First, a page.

What wonder, then, if many minds feel uneasy? What wonder, if they yield to exaggerated views on the other side ? Political parties rise and fall; but the grand evil remains, they think, unaffected. Policy is still dissevered from sound views of religious obligation. What wonder if many ardent minds, oppressed with the sense of national guilt, are ready to look out for some untried means of meeting a case so desperate? They feel that this state of things cannot long continue. History tells them how nations perished in their prime; and always the sure prelude of decay was national forgetfulness of an overruling Power. Ancient poetry caught the idea—one of those faint gleams of truth which dimly lighten through the darkness of Heathenism of the vélegis which attended the people or the hero, who forgot that all human prosperity is the gift of heaven. Revelation speaks more clearly, and seems to many to speak now with a prophet's tongue : “ Shall I not visit for these things ? Shall I not be avenged on such a nation as this ?” Despairing of all existing parties, such men are very apt to exclaim-Are we never to have a practical development of the true theory of Christian politics, as the science of applying eternal principles to the changing wants of men ? Are men always to be viewed as mere machines,—the tools with which politicians work,—or units in statistical calculations? Will legislators and statesmen never recognise their claims as individual souls, over whom they are set to watch ? Once for all, we have done with party trammels. As religious men, we must find if possible religious men for our rulers. In their hands, and in theirs alone, without regard to antiquated names or distinctions, the interests of the country will be safe.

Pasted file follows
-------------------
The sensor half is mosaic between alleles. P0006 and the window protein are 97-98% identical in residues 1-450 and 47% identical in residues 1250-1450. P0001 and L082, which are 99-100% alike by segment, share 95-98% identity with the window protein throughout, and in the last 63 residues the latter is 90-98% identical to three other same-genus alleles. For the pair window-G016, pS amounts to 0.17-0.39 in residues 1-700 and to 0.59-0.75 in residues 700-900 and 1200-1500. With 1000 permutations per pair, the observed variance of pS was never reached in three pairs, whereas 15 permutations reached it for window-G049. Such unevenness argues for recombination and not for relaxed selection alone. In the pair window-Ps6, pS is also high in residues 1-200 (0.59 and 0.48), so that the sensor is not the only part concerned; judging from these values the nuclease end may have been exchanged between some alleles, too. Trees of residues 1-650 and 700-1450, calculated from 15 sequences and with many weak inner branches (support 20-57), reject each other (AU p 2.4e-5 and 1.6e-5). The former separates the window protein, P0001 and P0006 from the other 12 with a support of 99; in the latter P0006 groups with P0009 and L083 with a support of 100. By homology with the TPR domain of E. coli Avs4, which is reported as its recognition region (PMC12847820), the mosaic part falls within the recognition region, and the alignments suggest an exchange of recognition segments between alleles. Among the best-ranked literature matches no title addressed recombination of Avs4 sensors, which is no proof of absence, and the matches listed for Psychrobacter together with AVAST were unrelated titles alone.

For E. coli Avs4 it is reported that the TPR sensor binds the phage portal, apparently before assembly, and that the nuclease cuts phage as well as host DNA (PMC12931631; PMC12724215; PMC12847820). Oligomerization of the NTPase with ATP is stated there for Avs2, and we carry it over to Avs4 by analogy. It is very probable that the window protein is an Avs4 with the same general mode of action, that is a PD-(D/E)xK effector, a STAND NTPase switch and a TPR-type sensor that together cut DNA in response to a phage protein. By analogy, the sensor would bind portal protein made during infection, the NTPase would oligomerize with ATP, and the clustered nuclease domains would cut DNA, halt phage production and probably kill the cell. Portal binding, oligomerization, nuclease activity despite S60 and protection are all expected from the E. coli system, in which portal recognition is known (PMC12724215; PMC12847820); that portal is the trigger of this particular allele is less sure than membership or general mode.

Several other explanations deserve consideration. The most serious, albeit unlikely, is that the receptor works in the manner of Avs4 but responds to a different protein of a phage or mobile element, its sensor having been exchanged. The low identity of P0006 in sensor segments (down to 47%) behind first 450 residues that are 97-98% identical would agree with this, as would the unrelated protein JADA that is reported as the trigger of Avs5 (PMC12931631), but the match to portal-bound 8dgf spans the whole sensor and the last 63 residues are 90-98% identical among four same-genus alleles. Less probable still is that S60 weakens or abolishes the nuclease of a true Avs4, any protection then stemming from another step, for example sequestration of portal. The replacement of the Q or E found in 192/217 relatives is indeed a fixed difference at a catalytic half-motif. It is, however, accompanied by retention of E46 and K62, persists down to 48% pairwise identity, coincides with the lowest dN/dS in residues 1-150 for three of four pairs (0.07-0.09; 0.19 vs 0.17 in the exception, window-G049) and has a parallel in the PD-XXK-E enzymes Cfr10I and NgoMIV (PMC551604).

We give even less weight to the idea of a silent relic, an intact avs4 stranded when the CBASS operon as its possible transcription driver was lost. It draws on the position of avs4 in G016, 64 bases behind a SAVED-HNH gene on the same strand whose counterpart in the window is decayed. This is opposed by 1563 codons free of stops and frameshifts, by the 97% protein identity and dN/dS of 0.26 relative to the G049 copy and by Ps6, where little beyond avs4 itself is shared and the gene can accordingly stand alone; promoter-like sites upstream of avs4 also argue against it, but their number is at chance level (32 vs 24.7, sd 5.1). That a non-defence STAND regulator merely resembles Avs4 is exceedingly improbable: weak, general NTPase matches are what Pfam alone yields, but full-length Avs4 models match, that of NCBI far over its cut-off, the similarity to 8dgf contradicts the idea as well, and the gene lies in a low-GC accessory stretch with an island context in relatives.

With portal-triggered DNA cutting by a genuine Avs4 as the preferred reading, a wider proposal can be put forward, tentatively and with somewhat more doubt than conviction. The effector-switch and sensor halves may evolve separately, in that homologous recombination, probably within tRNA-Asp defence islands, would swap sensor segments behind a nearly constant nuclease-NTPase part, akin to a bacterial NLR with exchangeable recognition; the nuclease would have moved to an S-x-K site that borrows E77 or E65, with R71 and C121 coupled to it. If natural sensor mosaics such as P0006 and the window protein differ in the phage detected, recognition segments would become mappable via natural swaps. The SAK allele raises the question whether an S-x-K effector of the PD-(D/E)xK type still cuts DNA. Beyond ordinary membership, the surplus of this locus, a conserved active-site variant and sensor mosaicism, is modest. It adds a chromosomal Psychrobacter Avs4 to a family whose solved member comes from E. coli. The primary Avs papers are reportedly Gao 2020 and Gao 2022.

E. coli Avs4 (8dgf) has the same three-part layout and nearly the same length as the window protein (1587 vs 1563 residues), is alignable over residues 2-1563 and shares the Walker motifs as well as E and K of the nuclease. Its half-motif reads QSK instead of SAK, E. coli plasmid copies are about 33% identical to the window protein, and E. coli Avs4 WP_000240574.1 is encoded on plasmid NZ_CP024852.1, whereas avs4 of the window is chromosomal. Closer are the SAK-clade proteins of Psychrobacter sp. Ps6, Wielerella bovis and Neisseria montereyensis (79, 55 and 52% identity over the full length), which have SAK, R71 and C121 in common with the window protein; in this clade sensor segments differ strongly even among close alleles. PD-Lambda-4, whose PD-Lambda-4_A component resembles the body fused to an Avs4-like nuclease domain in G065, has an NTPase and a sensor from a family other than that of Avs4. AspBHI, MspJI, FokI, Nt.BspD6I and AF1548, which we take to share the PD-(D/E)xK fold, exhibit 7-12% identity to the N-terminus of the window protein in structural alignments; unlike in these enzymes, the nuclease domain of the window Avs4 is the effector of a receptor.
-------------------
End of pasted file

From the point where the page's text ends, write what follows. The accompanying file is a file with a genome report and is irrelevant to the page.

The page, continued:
Such expressions are doubtless whispered through many a religious coterie, in murmurs “ not loud but deep,” for the present. Recent events have proved that such feelings have no slight hold over the religious portion of the constituency. It is hard to say